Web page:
Saturday, October 03, 2009

For Your Hardness of Heart: Understanding Jesus' Teaching on Divorce

In the video I posted for this Sunday's readings, I mentioned that some ancient writers believed that the concession for divorce was made by Moses out of the desire to prevent wife-murder.[1] I want to explore yet another avenue which might help us further understand Jesus’ teaching here. Specifically, I want to highlight the fact that the so-called commandment for divorce is only found in Deuteronomy. Now, in his new volume, Meier has actually shown that the widespread acceptance of divorce in Second Judaism seemed to make more out of the Deuteronomic legislation than is actually there. Here I want to focus on a slightly different issue.

It is noteworthy that the concession for divorce is found only in the Deuteronomic legislation. In fact, the book makes other concessions not found in the laws of Exodus–Numbers. Indeed, it seems that Ezekiel himself referred to this book when he spoke of how God had given Israel “laws that were not good”. That Ezekiel had the Deuteronomic legislation in mind has been persuasively argued by Scott Hahn and, my co-blogger, John Sietze Bergsma.[2]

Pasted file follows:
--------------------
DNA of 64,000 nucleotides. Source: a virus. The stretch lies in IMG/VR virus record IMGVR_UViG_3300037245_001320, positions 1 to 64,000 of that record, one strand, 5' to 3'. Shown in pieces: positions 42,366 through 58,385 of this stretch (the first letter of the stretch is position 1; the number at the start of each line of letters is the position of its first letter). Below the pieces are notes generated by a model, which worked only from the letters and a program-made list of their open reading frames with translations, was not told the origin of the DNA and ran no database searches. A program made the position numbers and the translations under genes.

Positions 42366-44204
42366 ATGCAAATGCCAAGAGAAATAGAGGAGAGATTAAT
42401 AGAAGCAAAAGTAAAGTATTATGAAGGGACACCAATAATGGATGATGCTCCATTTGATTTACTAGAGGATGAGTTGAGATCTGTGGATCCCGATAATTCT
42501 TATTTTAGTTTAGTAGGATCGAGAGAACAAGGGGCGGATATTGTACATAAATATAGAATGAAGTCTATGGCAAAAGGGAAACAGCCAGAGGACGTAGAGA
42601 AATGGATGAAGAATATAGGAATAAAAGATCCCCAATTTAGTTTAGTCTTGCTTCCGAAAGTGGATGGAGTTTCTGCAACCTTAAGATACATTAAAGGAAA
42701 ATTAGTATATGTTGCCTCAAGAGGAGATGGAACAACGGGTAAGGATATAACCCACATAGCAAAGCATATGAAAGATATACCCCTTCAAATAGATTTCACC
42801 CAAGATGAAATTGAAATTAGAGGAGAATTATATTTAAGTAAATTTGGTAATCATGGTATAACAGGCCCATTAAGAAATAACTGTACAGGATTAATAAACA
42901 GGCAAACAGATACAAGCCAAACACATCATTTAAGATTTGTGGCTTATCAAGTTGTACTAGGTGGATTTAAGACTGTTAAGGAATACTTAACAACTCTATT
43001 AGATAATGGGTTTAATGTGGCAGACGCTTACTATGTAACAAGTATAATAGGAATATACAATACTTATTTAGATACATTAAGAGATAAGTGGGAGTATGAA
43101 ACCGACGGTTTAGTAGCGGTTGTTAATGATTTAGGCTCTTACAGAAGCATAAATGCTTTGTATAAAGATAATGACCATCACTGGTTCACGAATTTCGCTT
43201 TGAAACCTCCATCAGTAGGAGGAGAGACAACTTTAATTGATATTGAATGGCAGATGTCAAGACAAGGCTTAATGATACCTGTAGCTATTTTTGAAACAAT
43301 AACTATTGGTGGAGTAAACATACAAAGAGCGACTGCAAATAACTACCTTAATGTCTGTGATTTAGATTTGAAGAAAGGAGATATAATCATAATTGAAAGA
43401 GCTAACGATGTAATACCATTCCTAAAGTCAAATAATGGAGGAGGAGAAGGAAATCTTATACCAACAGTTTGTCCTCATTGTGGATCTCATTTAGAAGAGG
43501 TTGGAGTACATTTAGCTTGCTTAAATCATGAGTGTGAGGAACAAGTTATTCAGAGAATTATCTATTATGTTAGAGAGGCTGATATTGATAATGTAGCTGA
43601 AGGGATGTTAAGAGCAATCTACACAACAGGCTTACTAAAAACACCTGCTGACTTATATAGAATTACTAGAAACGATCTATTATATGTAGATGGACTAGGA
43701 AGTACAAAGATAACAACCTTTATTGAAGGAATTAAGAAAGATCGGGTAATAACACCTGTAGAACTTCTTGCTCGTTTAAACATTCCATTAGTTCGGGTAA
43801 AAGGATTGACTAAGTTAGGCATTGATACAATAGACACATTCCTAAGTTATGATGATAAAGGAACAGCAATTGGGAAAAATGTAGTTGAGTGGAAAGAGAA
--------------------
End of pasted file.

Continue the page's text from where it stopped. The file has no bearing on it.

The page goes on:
“Laws that Were Not Good”
The Ezekiel passage in question is found in Ezekiel 20. The chapter contains three panels (20:5–9; 20:10–17; 20:18–26), which each contain five common elements: “I lifted my hand” (20:5: ואשׂא ידי ; 20:15, 23: נשׂאתי ידי); “I am the Lord” (20:7, 12, 20: אני יהוה); an account of Israel rebelling against God (20:8, 13, 21); the threat of divine wrath being unleashed (20:8, 13, 21); God’s explanation that he withheld judgment because “I acted for the sake of my name” (20:9, 14, 22; וָאעשׂ למען שׁמי [14: ואעשׂה]. Clearly, the three panels are meant to describe the experience of the Exodus and Israel’s wilderness experience.